Wednesday, March 20, 2013

Final Girl Film Club - Deathwatch (2002)

Cody is endeavoring to write about all of the Final Girl Film Club entries he missed over the years. The movies will be covered in the original Film Club order in most cases, while some of the articles will be posted to coincide with certain dates.

Horror in the trenches.

Michael J. Bassett's directorial debut is centered on a group of British Army soldiers on the battleground of the Western Front in 1917, the midst of The Great War, "the war to end all wars", which twenty years later would begin to be referred to as World War I.

We first meet the men of Y Company as they stand in a trench, preparing to charge into battle. Among them is Jamie Bell as a character nicknamed Shakespeare, a sixteen-year-old who lied his way into service and is now seriously rethinking that decision. Scared and crying, Shakespeare is forced into the fight, partially at gunpoint. As the charge begins, another soldier tells him, "Welcome to Hell."

And Y Company is about to face levels of Hell they couldn't have even imagined.

Bullets fly, bombs go off, soldiers are killed, some get caught up in barbed wire, wounded lay screaming in the mud, the enemy sets off gas bombs... And with the transition of the film's titlecard, nine survivors of Y Company, along with a mortally wounded tenth, find that the battle has ended, the gas replaced by fog, and night has turned to day.

Marching through the fog, the men soon come across a trench occupied by German soldiers - who are so afraid of something else in the area that they completely disregard the presence of their enemies until they're forced to pay attention to them. Y Company take control of the trench and it's their duty to hold it until reinforcements arrive... Reinforcements that they can't reach with their poor radio signal. When they do contact someone through the static, all that comes out of the interaction is the person telling them that there were no survivors from Y Company.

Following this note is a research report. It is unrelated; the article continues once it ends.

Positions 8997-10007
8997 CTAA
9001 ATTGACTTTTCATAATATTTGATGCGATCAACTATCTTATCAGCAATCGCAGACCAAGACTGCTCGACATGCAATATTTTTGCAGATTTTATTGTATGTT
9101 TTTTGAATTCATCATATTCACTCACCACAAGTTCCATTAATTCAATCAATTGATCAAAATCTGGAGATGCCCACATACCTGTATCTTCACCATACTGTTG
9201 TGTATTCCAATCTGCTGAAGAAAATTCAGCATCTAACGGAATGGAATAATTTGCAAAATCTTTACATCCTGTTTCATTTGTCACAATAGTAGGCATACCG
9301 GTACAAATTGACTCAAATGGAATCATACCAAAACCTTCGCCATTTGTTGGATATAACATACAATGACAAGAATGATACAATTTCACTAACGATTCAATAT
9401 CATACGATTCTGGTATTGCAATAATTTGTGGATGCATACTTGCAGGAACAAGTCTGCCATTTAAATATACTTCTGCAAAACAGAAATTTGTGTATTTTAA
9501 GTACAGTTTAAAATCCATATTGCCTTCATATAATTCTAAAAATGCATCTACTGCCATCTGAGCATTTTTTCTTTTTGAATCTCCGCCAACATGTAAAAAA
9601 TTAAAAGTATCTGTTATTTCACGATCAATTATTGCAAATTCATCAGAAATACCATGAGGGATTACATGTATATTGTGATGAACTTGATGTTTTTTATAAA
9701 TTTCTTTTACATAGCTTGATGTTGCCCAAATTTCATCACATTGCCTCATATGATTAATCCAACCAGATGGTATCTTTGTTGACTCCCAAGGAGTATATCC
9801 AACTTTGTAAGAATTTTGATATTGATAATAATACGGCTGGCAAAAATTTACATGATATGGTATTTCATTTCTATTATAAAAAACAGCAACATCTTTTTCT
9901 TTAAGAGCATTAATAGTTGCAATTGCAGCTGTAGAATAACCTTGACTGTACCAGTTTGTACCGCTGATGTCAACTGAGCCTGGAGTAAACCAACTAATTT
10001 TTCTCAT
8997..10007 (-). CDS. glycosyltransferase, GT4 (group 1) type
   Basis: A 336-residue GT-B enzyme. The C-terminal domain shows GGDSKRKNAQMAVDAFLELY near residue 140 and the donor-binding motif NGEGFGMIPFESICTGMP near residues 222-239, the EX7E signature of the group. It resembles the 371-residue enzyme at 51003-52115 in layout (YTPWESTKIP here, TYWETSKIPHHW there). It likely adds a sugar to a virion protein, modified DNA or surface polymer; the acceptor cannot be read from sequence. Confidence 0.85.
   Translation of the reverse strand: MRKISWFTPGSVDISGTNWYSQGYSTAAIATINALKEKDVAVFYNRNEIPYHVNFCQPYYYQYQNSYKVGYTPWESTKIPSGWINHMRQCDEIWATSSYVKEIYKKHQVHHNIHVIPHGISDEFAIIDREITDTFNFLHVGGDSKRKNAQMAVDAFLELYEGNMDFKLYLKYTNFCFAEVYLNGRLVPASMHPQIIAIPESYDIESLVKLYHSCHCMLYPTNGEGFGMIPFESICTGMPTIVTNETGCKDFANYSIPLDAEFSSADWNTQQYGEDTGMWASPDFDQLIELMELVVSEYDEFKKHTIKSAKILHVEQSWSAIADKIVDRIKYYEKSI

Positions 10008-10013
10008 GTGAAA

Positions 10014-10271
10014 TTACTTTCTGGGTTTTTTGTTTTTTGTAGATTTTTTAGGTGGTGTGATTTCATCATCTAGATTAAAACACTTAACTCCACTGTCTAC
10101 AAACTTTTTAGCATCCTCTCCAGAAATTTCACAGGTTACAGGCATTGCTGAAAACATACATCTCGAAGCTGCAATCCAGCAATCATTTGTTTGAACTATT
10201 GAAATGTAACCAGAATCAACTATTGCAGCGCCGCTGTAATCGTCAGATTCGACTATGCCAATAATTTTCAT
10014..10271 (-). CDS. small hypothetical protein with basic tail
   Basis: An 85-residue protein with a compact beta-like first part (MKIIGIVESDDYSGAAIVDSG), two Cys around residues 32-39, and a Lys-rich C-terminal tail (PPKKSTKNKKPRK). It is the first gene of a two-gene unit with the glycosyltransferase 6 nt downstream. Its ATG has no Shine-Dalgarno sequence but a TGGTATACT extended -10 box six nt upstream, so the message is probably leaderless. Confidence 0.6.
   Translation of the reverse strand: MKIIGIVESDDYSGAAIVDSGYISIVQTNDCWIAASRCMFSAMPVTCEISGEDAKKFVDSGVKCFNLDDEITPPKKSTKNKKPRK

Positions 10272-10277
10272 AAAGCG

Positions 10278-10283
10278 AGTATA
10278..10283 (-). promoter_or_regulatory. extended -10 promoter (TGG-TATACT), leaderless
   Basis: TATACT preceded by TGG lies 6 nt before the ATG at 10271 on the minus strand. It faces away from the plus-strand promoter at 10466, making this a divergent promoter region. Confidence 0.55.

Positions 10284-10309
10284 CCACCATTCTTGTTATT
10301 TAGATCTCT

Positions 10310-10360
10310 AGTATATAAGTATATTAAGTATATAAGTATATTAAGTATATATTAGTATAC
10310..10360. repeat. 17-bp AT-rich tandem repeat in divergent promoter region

Lost in the battlefield and considered dead, the men of Y Company are stuck in a rat-infested enemy trench. A trench that's full of the corpses of German soldiers who appear to have massacred each other. A trench where blood leaks through the dirt walls. As time passes, it becomes apparent that something very strange and perhaps otherworldy is going on here. Madness, paranoia, death, and intense hallucinations and/or supernatural experiences ensue.

Bassett did fine work with the writing and directing, and the actors all put in good performances. The most memorable character and the standout of the film is Andy Serkis, out of a mo-cap suit and in uniform, as Quinn, a man who starts off clearly mentally disturbed and gets worse over the course of the film. He's the sort of guy who goes into battle because he likes the idea of killing people, and war provides him with copious potential victims. He regresses so far as the story goes on that he draws comparisons to a caveman, even finding a spiked club to arm himself with.

It's a good set-up, mixing the horrors of war with the horrors of the presumably supernatural, and the setting is effectively unsettling/disgusting, with constant rain turning the surroundings into sloppy mud with rats crawling through it and corpses decomposing into the ground.

With all these positive things said, I still have to admit that this is not a movie that I particularly enjoy watching. I don't think it's bad on any level, but it doesn't hold my attention and my mind starts to wander every few minutes. It's just not for me. I would recommend others check it out for themselves, because it is a well made movie that will definitely appeal to some viewers more than it does to me. While my two viewings in the last ten years have been enough, I know it has fans who consider it an underrated and overlooked gem.


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